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Expert Panel Offers Insight Into Multifaceted Approach to Addressing Health Care Disparities


A panel of experts at AMCP Nexus 2021 explored multiple ways that health plans and providers can begin to address disparities in health care and offered recommendations on how to implement these tactics effectively.

Disparities in health care can be addressed in a multitude of fashions, including by addressing prior authorization challenges, implementing physician incentives, improving medication management, and tackling barriers to higher COVID-19 vaccination rates, according to a panel of experts at the Academy of Managed Care Pharmacy’s 2021 Nexus meeting.

The panel explained what interventions their organizations have implemented to address health care disparities and how they have improved conditions. They also offered recommendations on how to best apply these interventions and advice on how to develop them further.

Aimee Loucks, PharmD, manager of specialty clinical pharmacy and formulary at Kaiser Permanente, shared her organization’s strategy for addressing the impact that rejections for prior authorization claims have on Hispanic and Latinx patients, who were found to be less likely to fill a requested drug after a claim was rejected for utilization management edits than White patients (31% vs 44%).

Kaiser Permanente (KP) launched a project aimed at creating a patient-centered solution, where it hosted a focus group of Hispanic and Latinx patients to gauge whether they knew why these disparities existed. KP found that not only were the patients highly aware of how prior authorizations contribute to disparities, but they also were frustrated with the system and felt that health plans didn’t care. Loucks suggested that plans examine the contributions of utilization management to outcome disparities and to ensure that a solution is designed in partnership with patients if disparities are identified.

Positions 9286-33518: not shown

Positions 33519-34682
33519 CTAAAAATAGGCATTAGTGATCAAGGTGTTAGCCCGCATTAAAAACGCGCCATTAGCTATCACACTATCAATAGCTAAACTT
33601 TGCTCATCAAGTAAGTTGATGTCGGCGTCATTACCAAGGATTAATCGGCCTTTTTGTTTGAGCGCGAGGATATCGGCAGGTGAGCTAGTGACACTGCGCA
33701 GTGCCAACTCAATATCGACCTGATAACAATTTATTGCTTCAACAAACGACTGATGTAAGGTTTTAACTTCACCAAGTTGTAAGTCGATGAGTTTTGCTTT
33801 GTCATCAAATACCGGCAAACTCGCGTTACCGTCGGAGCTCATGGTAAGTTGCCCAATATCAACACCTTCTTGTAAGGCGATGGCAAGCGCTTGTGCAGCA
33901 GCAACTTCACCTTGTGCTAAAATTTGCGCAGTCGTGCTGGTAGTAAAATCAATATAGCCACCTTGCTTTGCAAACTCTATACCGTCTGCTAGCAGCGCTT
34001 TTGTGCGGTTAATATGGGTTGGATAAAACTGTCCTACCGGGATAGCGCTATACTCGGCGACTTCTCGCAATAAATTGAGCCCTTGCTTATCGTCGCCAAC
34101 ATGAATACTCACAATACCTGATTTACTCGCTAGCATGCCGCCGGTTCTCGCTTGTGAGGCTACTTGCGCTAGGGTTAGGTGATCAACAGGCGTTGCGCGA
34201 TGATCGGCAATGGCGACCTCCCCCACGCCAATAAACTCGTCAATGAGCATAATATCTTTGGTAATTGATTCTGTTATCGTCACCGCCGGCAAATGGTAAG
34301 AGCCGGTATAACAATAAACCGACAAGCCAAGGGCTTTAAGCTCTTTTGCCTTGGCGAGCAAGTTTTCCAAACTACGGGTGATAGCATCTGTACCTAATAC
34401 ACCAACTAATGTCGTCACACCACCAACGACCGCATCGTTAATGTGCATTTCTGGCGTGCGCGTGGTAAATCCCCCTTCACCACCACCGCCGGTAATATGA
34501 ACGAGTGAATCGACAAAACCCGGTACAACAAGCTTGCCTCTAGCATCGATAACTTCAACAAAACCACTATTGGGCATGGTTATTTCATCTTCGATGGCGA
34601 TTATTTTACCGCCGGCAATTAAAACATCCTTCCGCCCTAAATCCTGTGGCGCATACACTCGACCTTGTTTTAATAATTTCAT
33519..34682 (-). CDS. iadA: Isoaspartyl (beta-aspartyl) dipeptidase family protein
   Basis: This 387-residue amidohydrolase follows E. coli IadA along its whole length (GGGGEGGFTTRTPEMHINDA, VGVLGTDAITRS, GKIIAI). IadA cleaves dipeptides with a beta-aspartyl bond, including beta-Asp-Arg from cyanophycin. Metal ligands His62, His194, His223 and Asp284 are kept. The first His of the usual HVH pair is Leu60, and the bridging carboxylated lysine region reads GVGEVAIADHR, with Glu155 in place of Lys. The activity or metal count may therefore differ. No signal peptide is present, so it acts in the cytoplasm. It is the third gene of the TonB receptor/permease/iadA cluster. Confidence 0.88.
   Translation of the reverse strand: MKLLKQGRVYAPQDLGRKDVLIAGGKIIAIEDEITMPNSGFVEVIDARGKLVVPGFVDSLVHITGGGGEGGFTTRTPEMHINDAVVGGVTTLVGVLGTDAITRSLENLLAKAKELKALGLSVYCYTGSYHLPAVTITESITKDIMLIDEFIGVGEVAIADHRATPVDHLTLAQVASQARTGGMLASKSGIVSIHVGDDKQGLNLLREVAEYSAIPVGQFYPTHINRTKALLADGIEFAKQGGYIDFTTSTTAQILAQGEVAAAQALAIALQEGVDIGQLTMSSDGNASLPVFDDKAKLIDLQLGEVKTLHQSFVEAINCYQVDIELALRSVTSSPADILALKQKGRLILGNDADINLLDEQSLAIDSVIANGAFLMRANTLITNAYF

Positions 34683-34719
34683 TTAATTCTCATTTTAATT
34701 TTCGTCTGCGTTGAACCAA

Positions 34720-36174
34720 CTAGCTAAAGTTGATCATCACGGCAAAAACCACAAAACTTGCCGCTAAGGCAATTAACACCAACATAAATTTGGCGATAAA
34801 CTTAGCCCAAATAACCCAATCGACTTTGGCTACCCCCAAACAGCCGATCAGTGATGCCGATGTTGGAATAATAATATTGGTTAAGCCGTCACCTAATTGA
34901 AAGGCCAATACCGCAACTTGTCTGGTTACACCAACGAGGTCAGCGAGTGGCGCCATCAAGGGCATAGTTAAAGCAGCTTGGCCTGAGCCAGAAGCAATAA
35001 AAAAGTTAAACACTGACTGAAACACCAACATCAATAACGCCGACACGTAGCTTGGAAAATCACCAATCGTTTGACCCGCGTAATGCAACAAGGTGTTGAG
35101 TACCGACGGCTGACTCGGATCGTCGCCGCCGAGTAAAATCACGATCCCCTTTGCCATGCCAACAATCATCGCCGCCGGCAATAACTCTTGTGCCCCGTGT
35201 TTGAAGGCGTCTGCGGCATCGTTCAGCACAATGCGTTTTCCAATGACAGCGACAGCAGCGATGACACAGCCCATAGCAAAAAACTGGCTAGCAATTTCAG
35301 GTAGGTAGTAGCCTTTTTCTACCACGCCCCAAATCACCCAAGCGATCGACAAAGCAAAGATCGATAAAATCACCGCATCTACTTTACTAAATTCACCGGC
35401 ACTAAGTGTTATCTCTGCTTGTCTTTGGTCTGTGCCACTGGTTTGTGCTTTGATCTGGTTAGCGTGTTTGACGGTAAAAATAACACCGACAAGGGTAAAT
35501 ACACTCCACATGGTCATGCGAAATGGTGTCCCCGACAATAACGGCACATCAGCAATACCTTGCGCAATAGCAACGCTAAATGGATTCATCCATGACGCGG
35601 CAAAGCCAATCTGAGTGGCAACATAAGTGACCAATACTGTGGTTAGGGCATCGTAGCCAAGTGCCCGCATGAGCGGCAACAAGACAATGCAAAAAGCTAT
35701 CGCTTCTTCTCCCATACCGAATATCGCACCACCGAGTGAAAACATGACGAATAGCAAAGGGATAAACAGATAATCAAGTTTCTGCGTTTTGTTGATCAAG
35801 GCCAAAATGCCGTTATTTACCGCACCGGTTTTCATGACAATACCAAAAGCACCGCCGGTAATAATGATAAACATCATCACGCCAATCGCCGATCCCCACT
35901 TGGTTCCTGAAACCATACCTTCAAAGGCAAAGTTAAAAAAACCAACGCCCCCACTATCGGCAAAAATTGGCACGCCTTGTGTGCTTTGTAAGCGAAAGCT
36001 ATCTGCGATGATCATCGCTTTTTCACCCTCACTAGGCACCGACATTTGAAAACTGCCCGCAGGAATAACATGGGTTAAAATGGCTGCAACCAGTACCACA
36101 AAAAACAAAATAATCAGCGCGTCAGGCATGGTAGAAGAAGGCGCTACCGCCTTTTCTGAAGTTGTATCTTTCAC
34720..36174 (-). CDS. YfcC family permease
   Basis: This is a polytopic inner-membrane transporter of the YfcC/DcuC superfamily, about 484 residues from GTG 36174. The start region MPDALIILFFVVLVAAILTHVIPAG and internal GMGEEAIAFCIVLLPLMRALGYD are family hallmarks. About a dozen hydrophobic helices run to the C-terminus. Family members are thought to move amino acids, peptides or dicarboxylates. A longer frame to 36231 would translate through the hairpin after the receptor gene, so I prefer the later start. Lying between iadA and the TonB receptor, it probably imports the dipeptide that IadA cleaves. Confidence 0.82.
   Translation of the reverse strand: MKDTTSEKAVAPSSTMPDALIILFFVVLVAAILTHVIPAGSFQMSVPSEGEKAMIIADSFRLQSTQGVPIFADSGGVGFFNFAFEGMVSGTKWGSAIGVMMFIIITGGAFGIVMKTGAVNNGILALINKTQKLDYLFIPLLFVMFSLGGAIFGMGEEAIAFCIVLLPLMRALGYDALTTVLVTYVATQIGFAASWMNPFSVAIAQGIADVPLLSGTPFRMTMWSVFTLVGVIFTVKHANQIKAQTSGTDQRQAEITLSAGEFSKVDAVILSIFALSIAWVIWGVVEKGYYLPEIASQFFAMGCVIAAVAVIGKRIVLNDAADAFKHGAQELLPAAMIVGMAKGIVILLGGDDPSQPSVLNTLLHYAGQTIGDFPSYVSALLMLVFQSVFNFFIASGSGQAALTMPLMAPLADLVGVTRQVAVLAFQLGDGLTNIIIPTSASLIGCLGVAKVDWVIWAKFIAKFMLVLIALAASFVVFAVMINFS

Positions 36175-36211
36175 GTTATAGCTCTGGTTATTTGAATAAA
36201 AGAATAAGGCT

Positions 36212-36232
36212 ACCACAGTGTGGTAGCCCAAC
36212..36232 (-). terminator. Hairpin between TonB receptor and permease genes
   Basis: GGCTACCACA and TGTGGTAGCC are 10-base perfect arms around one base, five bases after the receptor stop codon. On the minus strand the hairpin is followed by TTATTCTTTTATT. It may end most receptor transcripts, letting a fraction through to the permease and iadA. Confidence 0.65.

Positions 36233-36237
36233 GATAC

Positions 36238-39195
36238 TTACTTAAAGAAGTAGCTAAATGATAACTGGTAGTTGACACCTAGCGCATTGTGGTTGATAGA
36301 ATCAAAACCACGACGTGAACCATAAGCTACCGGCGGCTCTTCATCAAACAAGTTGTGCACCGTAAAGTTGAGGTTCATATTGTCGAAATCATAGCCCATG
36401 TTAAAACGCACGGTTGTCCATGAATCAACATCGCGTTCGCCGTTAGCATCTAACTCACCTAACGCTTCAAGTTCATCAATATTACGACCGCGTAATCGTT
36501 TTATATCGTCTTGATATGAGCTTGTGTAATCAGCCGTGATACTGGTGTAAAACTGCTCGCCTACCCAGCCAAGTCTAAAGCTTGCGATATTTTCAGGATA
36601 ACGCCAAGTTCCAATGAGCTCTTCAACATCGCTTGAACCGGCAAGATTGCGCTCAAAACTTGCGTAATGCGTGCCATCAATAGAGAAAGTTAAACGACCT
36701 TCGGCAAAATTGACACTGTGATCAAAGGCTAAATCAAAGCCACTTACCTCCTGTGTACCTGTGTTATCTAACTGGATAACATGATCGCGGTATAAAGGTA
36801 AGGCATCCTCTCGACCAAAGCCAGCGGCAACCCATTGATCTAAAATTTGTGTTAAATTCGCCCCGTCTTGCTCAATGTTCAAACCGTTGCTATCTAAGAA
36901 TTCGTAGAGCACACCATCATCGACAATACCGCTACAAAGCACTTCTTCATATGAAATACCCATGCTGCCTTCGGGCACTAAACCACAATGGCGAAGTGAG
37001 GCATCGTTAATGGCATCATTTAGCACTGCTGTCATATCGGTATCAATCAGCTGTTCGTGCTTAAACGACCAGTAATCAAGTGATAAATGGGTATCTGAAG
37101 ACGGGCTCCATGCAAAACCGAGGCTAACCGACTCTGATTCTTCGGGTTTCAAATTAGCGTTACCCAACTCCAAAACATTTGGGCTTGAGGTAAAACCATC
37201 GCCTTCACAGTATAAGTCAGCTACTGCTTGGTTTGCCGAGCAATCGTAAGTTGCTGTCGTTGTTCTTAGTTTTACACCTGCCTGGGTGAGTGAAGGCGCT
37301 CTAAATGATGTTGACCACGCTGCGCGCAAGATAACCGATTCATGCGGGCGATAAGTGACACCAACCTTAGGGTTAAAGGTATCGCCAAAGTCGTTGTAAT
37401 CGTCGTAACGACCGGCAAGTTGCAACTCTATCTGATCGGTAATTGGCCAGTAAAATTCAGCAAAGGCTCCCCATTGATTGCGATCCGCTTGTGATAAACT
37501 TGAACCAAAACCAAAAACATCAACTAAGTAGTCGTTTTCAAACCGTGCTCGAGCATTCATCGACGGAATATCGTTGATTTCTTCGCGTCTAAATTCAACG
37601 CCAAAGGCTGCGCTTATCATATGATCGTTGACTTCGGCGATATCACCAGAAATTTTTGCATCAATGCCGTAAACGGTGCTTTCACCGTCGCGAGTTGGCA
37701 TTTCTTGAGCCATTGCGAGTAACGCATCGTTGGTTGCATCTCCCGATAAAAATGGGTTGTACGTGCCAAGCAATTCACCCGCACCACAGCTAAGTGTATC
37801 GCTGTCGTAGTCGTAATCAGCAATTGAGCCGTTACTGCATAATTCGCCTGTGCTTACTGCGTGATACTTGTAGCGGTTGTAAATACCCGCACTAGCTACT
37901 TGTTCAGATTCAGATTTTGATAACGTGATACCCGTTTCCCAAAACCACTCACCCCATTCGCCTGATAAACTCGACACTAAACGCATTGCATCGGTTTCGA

Kat Wolf Khachatourian, PharmD, MBA, clinical executive of MHS Employee Health Plan at MultiCare Connected Care, offered a glimpse into how health risks impact households that make less than $50,000, who experience a 9% greater risk of chronic disease, including diabetes, due to socioeconomics of zip code residence. Khachatourian’s organization used a step approach that involved multistakeholder workgroups, which were conducted over Microsoft Teams because of the COVID-19 pandemic.

Results of the approach showed that observing increased pharmacy costs justifies the real-world application of clinical trial data and that aligning stakeholder goals, expectations, and incentives can be accomplished without stakeholders meeting in person. Khachatourian said that she would like to see an expansion of these processes to other disease states and broader stakeholder groups.

Edward Jai, PharmD, senior director and chief pharmacist at Inland Empire Health Plan, examined how to best address social determinants of health (SDOH) that impact health outcomes for Medicare and Medicaid beneficiaries. Jai talked about how medication management programs around SDOH and telephone-based medication reconciliation programs can lead to decreased hospital readmissions and significant reductions in additive adverse effects, drug-drug interactions, emergency department visits, and medication costs.

Finally, to address COVID-19 vaccination disparities, Sharon K Jhawar, PharmD, MBA, BCGP, chief vice president and chief pharmacy officer at SCAN Health Plan, dived into the reasons behind why some people are not getting vaccinated, including that people don’t trust that the vaccines are safe and effective, don’t know where to get them, or lack the savvy needed to use digital navigation and scheduling tools.

Jhawar talked about SCAN’s goal to vaccinate 70% of their members, which it achieved at the end of July 2021 by creating a health equity–based outreach team, a COVID-19–specific vaccine hotline, an in-home mobile vaccination program, a COVID-19 provider task force, and a robust communication plan.

Using data and reaching out to patients, stakeholders, and providers, this panel was able to show the various ways health disparities can manifest, the multidimensional approaches that are needed to address them, and the all-hands-on-deck approach that is required for efforts to be successful over time.

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